Sanitary Tortilla Factory, Albuquerque
December 15, 2017 – January 19, 2018
As it has been subsumed by the works of Pre-existing Conditions, Sanitary Tortilla Factory has taken on all the shape and texture of memory. Here, monuments are built out of pieces that—brick by brick—are themselves eroding. Made entirely of objects and materials scavenged from illegal dump sites in and around Albuquerque, artists Cecilia McKinnon (a member of GRAFT collective) and Lance Ryan McGoldrick (a Meow Wolf collective artist) have created an otherworld of refuse reimagined—no, not just reimagined, but transformed—into sculpture with emotional resonance as they spotlight human-made objects and their resilience, their persistence, even as they degrade.
These objects no longer have any utility, save for in the poetic sense. On the east wall of the wide room, a tape dispenser is mounted on the wall, cased by a frame pocked with the recollection of gunfire. They are both the dull taupe of office supplies everywhere, but in this context, removed from the work desk and fluorescent light—and imbued with the suggestion of danger (these are sourced from illegal dump sites, after all)—their contrasting shapes are more striking, the dispenser like a wave climbing the gallery wall, bounded by rough metal.
Perhaps where Pre-existing Conditions is at its sharpest is in pieces where salvaged objects are integrated with other, more intentional elements. A radial tire, fraying from the outside, packed with dirt instead of its tube, is host to the spindly stalks of a desert flower. Hidden elsewhere in the interiors of the tire is a light, bearing down on the plant like apocryphal sunshine. This piece seems indicative of the aim of the whole exhibition—an enunciation of disintegration so often ignored, now literally brought to light.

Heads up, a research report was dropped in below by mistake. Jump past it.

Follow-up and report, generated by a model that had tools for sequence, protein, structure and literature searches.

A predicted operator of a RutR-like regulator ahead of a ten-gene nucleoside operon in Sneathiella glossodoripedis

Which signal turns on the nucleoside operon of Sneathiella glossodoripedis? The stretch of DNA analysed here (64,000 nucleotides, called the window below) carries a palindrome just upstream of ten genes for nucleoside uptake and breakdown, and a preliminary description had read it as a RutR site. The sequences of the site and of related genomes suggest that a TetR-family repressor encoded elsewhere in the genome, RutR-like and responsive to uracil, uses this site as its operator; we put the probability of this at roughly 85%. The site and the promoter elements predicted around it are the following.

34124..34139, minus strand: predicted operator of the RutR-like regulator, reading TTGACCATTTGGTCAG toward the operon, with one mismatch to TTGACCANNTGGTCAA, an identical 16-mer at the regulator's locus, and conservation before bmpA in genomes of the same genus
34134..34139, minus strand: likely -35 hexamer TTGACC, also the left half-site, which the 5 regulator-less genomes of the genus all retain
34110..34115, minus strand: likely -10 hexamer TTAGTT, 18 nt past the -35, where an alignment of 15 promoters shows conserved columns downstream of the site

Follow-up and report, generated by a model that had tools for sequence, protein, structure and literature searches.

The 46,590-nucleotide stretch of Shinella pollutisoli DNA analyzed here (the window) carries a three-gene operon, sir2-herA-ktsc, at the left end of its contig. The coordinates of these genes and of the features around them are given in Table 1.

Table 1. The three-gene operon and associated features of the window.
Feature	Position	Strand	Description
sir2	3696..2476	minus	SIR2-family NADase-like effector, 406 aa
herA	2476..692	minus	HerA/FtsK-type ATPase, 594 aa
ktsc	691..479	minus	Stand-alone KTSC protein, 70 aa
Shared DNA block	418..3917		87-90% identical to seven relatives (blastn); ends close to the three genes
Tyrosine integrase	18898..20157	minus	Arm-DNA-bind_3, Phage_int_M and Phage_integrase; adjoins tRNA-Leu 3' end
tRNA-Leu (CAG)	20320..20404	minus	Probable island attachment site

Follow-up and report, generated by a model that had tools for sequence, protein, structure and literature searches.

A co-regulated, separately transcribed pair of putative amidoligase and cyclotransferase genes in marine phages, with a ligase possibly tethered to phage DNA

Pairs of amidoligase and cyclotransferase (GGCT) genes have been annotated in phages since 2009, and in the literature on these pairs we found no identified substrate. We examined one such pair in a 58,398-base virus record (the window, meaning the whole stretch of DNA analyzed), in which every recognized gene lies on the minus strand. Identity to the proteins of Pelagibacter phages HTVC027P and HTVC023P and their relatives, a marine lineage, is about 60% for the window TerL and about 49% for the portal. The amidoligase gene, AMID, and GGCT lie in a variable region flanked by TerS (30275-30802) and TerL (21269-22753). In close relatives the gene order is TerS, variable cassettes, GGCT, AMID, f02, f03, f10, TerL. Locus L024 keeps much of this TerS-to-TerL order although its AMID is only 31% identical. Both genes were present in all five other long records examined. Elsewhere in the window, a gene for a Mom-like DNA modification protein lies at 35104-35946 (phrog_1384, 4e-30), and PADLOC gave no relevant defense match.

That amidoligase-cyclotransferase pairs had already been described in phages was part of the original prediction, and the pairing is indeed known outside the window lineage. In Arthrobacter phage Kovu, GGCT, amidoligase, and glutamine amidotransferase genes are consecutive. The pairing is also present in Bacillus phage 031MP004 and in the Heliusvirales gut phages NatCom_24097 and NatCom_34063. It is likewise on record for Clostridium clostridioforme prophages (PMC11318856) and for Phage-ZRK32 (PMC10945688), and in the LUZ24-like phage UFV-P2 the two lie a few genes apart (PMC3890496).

In this sense, concepts of production, use, and disposal are everywhere in these pieces. This is literally repurposed garbage, the sort of ephemera that tells us so much about our culture. McKinnon and McGoldrick quite clearly have a fondness for the suggestions and potential of these raw materials. In the gallery, they built a structure that visitors can cozy into—all of reclaimed wood, abandoned screens, and adorned with trashed objects—which has the charm of a childhood fort. Old window blinds turn into looms, strung with rusty orange, yellow, and red yarn through the gaps. Insulation creeping up the walls like mold provides a foil to the bits of a broken dollhouse, emptied of its domestic scenes. Rotting tires are strung from the ceiling with shoelace and electrical cord.
What these works have the power to do is make us rethink objects—and rethink our habits—seeing anew the materiality of life all around us. Though a bit encumbered by nostalgia (that crops up in what is created—forts, swings, plastics stuffed with lights), what is embedded in these objects resurfaces as cultural memory. Artifacts form the wasteland—neither living nor dead—latent symptoms of cultural amnesia, our more recent ability to consume and discard, to the detriment of our landscapes and ourselves. A road sign—directing us to what now?— aimlessly faces the gallery, a perfect articulation of our misdirection. In the face of advancement, there is decline. What is hopeful here is that there are artists like McKinnon and McGoldrick who haven’t forgotten and use the vast materials at their disposal to bring to bear the poetics of repair and reuse.
Beautifully illuminating the concept of repair are weavings made with mop fiber, anchored with a discarded rod. Somehow, even the colors are evocative of the past—the sort of mod ’70s harvest gold and diluted red you might find languishing in your grandma’s attic. In Pre-existing Conditions, manifestations of loss and renunciation are rehabilitated by caring hands and careful attention. Not only is new consideration given to the detritus under our feet, but in seeing our garbage revived, we see a new potentiality for the future wherein nothing is lost and tremendous insight can be gained.